A Description of the Burmese Empire

Front Cover
Oriental Translation Fund of Great Britain and Ireland, 1833 - Burma - 224 pages

What people are saying - Write a review

We haven't found any reviews in the usual places.

Selected pages


Other editions - View all

Common terms and phrases

Popular passages

Page 105 - ... finally, when through fear or respect of persons, as of Mandarins, or rich or powerful men, they commit injustice. Those offenders also are here comprised who do not divide property equally as they ought, through love, fear, hatred, or ignorance. Besides this, a man must refrain from the six things that are called ruinous; which are the love of intoxicating liquors, the custom of wandering about the streets at unseasonable hours, too great a passion for dancing, games, and spectacles, gaming,...
Page 92 - I have need of your goods, etc.' 22. In treating of the precept of never touching a woman, it is added in the Vini that this prohibition extends to one's own mother ; and even if it should happen that she fall into a ditch, her son, if a Talapoin, must not pull her out. But in the case that no other aid is near, he may offer her his habit or a stick, and so help her out ; but at the same time must imagine that he is only pulling a log of wood. 23. The Talapoins are exhorted to observe in particular...
Page 82 - The last of these impostors taught that there exists a Supreme Being, the Creator of the world and of all things in it ; and that he alone is worthy of adoration. All these doctrines of the six false gods, are called the laws of the six Deitti.
Page 169 - The Burmese are all given to the follies of alchemy; and there is not one of them who does not believe in the existence of the philosopher's stone, and in the possibility of converting the baser metals into gold and silver by means of certain preparations. The following instance may give an idea of their folly in this respect. Among other things which can effect this transmigration, they give the first place to the...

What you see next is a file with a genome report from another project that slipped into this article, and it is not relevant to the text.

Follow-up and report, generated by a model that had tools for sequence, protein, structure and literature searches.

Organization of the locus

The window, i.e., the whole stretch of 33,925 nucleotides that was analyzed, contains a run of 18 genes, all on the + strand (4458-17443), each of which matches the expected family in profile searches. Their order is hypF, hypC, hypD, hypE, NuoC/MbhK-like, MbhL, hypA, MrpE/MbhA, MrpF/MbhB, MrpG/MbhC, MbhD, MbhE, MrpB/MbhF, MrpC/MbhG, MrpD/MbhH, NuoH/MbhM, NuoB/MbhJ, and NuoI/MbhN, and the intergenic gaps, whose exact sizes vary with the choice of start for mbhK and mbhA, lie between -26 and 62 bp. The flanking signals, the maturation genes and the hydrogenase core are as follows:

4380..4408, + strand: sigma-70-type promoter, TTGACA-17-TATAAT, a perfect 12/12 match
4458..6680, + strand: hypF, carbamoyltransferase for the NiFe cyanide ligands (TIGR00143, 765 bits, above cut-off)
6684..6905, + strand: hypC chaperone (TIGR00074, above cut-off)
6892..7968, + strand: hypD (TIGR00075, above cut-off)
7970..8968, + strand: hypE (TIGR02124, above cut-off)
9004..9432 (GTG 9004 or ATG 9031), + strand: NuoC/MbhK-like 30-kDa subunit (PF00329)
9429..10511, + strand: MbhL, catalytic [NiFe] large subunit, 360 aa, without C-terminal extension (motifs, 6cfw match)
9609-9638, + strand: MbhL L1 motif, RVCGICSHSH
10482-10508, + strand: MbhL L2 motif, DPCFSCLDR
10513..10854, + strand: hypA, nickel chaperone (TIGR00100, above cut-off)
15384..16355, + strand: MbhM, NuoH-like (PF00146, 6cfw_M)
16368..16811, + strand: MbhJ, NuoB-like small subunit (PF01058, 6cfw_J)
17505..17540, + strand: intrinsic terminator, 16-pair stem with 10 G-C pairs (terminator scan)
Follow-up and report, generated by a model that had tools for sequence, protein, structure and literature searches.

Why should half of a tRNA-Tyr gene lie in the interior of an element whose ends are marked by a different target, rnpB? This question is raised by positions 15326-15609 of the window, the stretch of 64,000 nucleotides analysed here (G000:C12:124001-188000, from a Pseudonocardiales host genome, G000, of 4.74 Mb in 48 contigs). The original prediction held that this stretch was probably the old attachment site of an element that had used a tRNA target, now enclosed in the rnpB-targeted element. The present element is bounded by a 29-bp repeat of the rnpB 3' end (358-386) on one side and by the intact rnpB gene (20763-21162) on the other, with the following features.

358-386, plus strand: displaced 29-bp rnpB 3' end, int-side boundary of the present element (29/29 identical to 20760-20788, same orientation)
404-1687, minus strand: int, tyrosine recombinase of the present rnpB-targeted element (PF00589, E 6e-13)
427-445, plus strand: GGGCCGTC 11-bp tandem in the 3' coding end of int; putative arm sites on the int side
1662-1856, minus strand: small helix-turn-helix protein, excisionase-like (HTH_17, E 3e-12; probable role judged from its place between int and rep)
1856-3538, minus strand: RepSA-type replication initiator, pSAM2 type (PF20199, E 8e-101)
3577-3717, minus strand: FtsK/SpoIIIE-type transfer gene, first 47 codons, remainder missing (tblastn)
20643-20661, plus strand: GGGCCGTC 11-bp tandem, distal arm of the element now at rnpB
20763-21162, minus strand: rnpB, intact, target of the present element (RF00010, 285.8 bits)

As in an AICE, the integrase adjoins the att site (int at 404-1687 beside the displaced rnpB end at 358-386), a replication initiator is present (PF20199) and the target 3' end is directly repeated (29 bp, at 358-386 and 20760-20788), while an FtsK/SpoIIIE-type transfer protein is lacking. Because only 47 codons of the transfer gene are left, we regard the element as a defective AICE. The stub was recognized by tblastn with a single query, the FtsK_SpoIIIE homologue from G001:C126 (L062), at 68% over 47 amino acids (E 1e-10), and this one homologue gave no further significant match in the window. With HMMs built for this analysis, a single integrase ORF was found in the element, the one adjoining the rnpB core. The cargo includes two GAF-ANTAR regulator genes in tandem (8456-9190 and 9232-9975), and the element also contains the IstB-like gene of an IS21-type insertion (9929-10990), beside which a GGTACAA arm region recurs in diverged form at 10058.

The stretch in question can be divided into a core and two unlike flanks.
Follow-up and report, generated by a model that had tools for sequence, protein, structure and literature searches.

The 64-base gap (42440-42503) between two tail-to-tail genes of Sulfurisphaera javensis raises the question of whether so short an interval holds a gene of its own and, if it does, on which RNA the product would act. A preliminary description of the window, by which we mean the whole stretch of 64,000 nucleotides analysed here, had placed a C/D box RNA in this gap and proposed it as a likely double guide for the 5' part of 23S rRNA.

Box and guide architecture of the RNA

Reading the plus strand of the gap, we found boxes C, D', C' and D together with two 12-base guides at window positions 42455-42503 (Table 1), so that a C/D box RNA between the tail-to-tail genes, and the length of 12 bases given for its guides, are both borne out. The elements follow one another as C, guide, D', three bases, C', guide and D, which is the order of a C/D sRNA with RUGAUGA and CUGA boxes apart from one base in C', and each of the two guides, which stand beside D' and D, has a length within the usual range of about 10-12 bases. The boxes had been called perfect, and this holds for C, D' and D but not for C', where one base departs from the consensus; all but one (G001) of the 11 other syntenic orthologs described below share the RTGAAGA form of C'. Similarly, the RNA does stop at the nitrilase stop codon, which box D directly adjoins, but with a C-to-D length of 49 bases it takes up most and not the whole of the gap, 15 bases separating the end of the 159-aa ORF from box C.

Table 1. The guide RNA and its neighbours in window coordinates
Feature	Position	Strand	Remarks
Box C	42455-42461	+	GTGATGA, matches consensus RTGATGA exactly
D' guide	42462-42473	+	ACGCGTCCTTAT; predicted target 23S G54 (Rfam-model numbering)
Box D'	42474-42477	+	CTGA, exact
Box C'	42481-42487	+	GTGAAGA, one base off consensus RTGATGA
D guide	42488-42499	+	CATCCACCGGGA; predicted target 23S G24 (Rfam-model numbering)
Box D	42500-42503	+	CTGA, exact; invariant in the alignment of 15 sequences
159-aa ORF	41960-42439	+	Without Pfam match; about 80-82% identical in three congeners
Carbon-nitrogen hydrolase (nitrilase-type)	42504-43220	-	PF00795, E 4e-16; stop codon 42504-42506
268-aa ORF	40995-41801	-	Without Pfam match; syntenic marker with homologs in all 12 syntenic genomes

Page 60 - The exaction of the two last mentioned rights has however heen enforced with less rigour of late, in consequence of the urgent representations made by the foreigners resident, at Rangoon. To the king it belongs to declare war or to conclude peace; and he may in any moment call upon the whole population of his empire to enlist themselves in his army, and can impose upon them at pleasure any labour or service.
Page 96 - ... fashion of the country. This done, it is swathed with bands of white linen, wrapped many times round it in every part, and upon these is laid a thick coat of varnish. To this succeeds a covering of gold, which adheres to the varnish, and in this manner the body is gilt from head to foot. It is now put into a large chest and exposed to the veneration of the people. It is this chest or coffin on which the greatest care and expense is bestowed.
Page 100 - The fathers must note down under what shade, on what day, at what hour, and in what season this ordination has been performed." Besides this, the newly ordained priest must be admonished of the fourteen things that priests may lawfully make use of, and of the four from which they must abstain. Hence the master of ceremonies thus proceeds with the instruction. "In the first place, it is the office of a priest to beg for his food with labour, and with the exertion of the muscles of his feet; wherefore,...
Page 108 - This body, which is composed of 360 bones, of 900 veins, and as many muscles, is full of intestines, phlegm, and mucus; from nine different apertures disgusting matter is discharged; a stinking perspiration exudes from all its pores, and yet there are people so foolish, as not merely to cherish their own bodies, but also to fall in love with those of other persons. This body, which even when alive is so disgusting, when it is dead becomes a carcass, which its own relations cannot look upon without...
Page 131 - It is called teh, a word signifying to mount, and takes its name from its commencing in the feet and ascending upwards through all the members of the body. It presents the appearance of a stupor or numbness, by which the patient is at last deprived of all feeling, and even of speech. The Burmese attribute it to the wind, but its true cause seems to be the congealing and torpor of the humours, particularly of the nervous fluid, from the want of exercise, as also -from the intemperate use of viscous...
Page 103 - ... the continual practice of works of piety; by showing respectfulness, humility, and sobriety before all ; and gratitude to our benefactors ; and, finally, by listening often to the preaching of the word of God, — we overcome evil inclinations, and keep ourselves far from sin.

Bibliographic information